As more information emerges and people become increasingly aware of this network of spies and informers, how do you think it will affect the peace process in Northern Ireland?
It's a blow. It's a blow each time it happens. It unravels the progress. For instance, when Denis Donaldson was revealed to be a spy it almost collapsed the entire peace process because his work was in the heart of the Northern Irish Parliament. It showed that the British were so mistrustful that they had placed a spy there to constantly disrupt Parliament affairs. I think it seriously eroded the trust of a lot of people in Northern Ireland.
The Stevens Inquiry, which has been investigating state cooperation with paramilitaries since 1989, has yet to lead to any prosecutions. Can the British government fairly investigate members of its own security forces in this case? Or do you think an independent commission is necessary?
To be honest, I just don't know. It makes sense that any time there's an investigation of misdeeds by a party it requires a look from the outside. So an independent investigation makes sense. I'm not trying to cast aspersions on the Stevens Inquiry, but some people do regard it as sluggish and ineffective.
You entered this story without having covered this conflict before. And I think you developed a very balanced article. Did you find it hard to paint an unbiased picture, especially since you interviewed people who had experienced a lot of pain—and who had in some cases lost close family members? Were you tempted to take sides?
It switched back and forth. You spend time with a Loyalist family who's suffered some awful tragedy and your heart sort of swings behind them. And then the same thing happens when you're with a Republican family who's lost a daughter or a son or whatever. It just breaks your heart as well. I've noticed this in other places I've been as well—like Algeria and Sri Lanka. As an outsider, you step into the midst of this fray where local factions are fighting. And just because they hate each other doesn't mean they hate you. The people in Northern Ireland are some of the kindest people you could ever want to meet and some of the most sympathetic. That's the tragedy of these things. You feel like, if both sides are such agreeable people, it's just awful that they can't seem to see each other that way. Sometimes things would happen that would swing me one way or the other. One was the realization that all of this graffiti I had been seeing everywhere, "KAT," meant "Kill All Teagues"—"Teagues" being a slur meaning Catholics. They pronounce it the same way they pronounce my last name. That's pretty intimidating if you just imagine K-A and then whatever your last initial is and it's painted on all the walls all around you.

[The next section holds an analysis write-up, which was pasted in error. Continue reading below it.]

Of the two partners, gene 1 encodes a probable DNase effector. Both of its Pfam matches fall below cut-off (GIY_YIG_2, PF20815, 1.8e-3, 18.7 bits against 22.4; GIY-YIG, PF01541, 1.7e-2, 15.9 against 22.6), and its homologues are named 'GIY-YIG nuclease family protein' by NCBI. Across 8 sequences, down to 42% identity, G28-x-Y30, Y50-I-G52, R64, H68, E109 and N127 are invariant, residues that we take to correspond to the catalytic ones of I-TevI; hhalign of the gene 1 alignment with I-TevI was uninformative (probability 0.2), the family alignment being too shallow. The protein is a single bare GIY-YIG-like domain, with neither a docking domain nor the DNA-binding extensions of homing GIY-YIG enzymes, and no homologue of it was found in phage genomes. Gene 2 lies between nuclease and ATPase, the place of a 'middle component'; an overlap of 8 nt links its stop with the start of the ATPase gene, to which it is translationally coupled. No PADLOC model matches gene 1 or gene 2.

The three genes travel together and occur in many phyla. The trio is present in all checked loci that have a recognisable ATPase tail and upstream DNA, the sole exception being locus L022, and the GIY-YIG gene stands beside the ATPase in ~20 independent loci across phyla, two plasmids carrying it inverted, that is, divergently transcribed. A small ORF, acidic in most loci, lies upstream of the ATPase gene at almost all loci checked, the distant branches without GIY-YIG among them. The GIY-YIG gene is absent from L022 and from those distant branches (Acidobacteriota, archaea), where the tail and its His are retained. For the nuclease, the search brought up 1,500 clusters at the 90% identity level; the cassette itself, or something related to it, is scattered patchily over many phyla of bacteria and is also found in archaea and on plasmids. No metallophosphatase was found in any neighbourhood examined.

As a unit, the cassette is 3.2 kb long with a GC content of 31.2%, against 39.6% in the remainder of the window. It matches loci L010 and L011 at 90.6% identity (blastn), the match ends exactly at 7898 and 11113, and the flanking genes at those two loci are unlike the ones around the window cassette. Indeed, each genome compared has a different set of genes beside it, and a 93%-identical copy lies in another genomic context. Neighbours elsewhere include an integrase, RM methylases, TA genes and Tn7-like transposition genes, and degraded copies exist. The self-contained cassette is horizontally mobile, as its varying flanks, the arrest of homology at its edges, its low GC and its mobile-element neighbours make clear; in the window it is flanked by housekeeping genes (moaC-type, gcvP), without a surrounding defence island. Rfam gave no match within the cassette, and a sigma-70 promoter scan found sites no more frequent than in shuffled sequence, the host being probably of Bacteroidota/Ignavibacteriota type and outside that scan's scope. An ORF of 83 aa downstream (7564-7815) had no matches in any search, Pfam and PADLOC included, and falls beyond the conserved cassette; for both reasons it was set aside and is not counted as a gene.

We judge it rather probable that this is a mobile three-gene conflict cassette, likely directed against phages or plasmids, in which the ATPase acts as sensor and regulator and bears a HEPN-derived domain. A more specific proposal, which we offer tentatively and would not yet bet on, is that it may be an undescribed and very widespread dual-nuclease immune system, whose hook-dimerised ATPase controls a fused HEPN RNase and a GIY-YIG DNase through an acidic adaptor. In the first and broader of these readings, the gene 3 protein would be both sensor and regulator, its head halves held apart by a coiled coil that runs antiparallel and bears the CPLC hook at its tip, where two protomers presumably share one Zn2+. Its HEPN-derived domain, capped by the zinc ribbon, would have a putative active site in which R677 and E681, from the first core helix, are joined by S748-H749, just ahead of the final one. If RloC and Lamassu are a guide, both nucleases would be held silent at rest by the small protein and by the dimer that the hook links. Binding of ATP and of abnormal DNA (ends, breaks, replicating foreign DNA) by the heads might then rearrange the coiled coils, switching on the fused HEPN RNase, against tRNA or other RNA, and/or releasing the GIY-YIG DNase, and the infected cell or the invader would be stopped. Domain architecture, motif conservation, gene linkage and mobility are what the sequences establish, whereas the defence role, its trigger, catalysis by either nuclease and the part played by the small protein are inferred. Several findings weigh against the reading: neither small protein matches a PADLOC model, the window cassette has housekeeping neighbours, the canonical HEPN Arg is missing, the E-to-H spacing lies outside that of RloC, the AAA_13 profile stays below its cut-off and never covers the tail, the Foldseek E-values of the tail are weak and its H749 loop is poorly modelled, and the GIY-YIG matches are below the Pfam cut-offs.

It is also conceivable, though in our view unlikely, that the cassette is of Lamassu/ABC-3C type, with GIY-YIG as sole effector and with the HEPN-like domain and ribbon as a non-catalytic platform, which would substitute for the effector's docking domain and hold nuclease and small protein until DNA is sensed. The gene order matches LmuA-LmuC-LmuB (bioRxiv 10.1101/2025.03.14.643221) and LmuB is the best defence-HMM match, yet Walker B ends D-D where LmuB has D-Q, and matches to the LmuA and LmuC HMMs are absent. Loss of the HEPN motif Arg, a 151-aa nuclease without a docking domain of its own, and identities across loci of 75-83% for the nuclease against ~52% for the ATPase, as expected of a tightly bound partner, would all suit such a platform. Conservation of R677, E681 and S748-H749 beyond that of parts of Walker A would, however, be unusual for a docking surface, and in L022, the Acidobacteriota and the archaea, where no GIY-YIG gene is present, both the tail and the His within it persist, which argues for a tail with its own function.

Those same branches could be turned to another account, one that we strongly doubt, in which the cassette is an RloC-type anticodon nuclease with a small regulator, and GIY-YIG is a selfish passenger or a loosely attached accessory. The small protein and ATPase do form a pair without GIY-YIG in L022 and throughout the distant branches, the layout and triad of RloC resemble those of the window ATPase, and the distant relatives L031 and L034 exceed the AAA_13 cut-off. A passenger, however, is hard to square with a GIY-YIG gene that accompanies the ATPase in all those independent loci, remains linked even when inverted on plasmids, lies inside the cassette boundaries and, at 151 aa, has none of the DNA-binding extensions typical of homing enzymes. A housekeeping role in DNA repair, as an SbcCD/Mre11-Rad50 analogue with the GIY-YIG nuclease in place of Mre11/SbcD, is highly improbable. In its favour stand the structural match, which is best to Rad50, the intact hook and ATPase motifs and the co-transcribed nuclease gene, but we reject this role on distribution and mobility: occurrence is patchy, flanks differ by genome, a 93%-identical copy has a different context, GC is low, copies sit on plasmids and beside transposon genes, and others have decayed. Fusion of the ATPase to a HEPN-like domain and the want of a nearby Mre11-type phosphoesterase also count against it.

When people heard your last name is that what they associated it with?
Oh yeah. Yeah. The only saving grace was that I was an American. I had an American accent—as a matter of fact a Southern American accent, which I think really confused people. But it was intimidating.
Why do you think there's been so little attention paid to this story in the U.S.?
Sometimes there's complacency among Americans about what happens beyond our borders—though less so in recent years. Frankly, that's why I wanted to do this story--because I myself am just realizing the impact of what happens on the other side of the globe. A more specific reason is that what the British did is really an ugly, ugly thing, and I think people in America know that we are facing some of these decisions too—hard decisions. Here's a case where our allies, the British, who we think of as just and fair and good, are engaging in things that are questionable. You can decide for yourself whether those things are worthwhile. They're certainly hard to look at. So that may be one reason why people have been reluctant to focus on it. It makes us face what's happening out there and recognize that it's happening to real people. These aren't actors on a stage—these are mothers and brothers and sons and daughters and fathers.
Do you think there are lessons in this story for coalition troops in Iraq? Do you think we can infiltrate the Iraqi insurgency without risking our souls?
Interviews: "The Secret History" (June 13, 2005)
Caroline Elkins, the author of Imperial Reckoning, talks about unearthing the sinister underside of Britain's "civilizing" mission in Kenya.
That's the heart of this story, I think. It's about us, as much as it's about the British. I suspect that in the short term infiltration works, in that it helps you penetrate and undermine a specific organization, whether it's the IRA or al Qaeda in Iraq. Long term, the methods of penetration are so duplicitous that you create a terrible perception of yourself. For instance, the British did penetrate the IRA and they did undermine it through duplicity. But everything comes out in the end. Denis Donaldson, for instance, all of these decades later, is revealed to be a spy and it undermines all of the work that the British have done. And so it is a quandary—it really is.